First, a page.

Of all the many children's films exported to the US by Murray in the 1960's, THE GOLDEN GOOSE is one of the three of four best in terms of entertainment value. It’s fill of color, slapstick comedy, comforting broadly-played characters, and a sense of fun that even a four-year-old could understand and be part of. Also, it lacks the Gothic touches and overall weirdness found in some of Murray's Mexican imports (although those have a lot of appeal for adults watching them today). The young women in the film are dubbed by adults trying to sound like children, which gives the whole film a non-realistic quality, almost like story time at a daycare! I don't know what frame of reference today's children would have to help them with something like this (I should show it to my grandsons, who are 4 and 7)--perhaps the skits performed at theme parks or when the high school musical comedy players go to elementary schools to perform--but THE GOLDEN GOOSE holds up well as timeless, simple family entertainment for the under 10 crowd. And the visuals are interesting enough that adults would not be bored. Unfortunately, the days when films such as this played in actual theaters were dead by the early 1970's--your best bet today for finding old children's films might be in the DVD/VHS pile at your local dollar store. Some of the children's films imported by Murray in the later 60's were more strange than entertaining, but THE GOLDEN GOOSE still contains a lot of entertainment value for those with old-fashioned tastes, or those parents who want to broaden their children's horizons.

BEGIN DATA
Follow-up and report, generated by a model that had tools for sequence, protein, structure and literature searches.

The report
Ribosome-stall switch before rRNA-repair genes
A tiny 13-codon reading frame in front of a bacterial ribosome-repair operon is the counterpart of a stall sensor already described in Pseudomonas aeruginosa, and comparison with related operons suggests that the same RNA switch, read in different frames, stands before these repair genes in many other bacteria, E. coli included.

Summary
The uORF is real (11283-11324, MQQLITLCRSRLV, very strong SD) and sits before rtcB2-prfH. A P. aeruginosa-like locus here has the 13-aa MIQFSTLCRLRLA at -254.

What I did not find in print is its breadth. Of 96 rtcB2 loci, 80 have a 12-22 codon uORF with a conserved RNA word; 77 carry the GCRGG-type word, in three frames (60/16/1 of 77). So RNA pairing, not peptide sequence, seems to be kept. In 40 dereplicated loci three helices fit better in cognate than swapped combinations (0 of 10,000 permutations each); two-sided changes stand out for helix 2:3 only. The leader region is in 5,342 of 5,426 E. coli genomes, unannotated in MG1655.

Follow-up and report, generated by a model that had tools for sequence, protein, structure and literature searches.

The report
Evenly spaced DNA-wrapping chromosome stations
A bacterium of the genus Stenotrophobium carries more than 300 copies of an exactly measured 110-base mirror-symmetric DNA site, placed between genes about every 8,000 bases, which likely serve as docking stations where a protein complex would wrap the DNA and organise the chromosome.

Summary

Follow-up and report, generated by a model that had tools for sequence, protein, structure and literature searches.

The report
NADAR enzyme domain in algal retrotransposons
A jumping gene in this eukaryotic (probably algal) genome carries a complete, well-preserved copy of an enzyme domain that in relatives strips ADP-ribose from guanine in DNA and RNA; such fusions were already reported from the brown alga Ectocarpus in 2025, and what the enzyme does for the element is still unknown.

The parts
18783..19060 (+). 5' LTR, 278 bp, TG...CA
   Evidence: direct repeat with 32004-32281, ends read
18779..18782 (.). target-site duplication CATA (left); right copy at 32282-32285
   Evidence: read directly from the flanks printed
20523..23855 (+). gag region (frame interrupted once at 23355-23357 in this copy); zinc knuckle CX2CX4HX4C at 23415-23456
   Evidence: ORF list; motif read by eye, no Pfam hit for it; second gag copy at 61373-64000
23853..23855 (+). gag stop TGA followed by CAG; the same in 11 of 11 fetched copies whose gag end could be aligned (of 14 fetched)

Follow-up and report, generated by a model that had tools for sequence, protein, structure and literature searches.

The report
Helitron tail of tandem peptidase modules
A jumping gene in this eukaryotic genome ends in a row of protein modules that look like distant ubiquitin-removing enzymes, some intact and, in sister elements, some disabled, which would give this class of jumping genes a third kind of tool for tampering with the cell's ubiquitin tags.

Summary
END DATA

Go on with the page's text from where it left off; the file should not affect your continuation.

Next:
It would be interesting to see a subtitled version of the original German film with the original soundtrack, to see if the tone differs at all from what Murray grafted onto it, but honestly, I consider these Murray adaptations of Mexican and German films to be separate and unique creations. I’ve seen a number of the Mexican originals of the horror films, and there’s no comparison. Murray’s are not inferior (to me); they are just different VERY different. Maybe it’s similar to when Andy Warhol appropriates the paintings of Edvard Munch or junk-store print of The Last Supper and creates new and fresh works from them—maybe not.

K. Gordon Murray’s THE GOLDEN GOOSE will take you to another world, a world full of bold colors, happy people straight from the pages of a sanitized fairy tale, and narration that sounds like Miss Matilda’s Story Time for six year olds at the local public library. If you wanted to make a case that Murray actually DID create a “wonder world” for a period in the mid-60’s, this would be the film that could make your point for you.


Anonymous said...

There was a Daffy Duck cartoon where Daffy was kidnapped by mobster Rocky who thought he laid golden eggs; when Daffy succeeded in laying a golden egg, Rocky showed him a pile of egg cartons for him to fill; even the REAL goose that laid golden eggs would be overwhelmed by the challenge. LOL! XD!

Gary Field said...

Where the heck is this on dvd??.
K.Gordon's work needs to be seen.
As does Larry Buchanan's slop.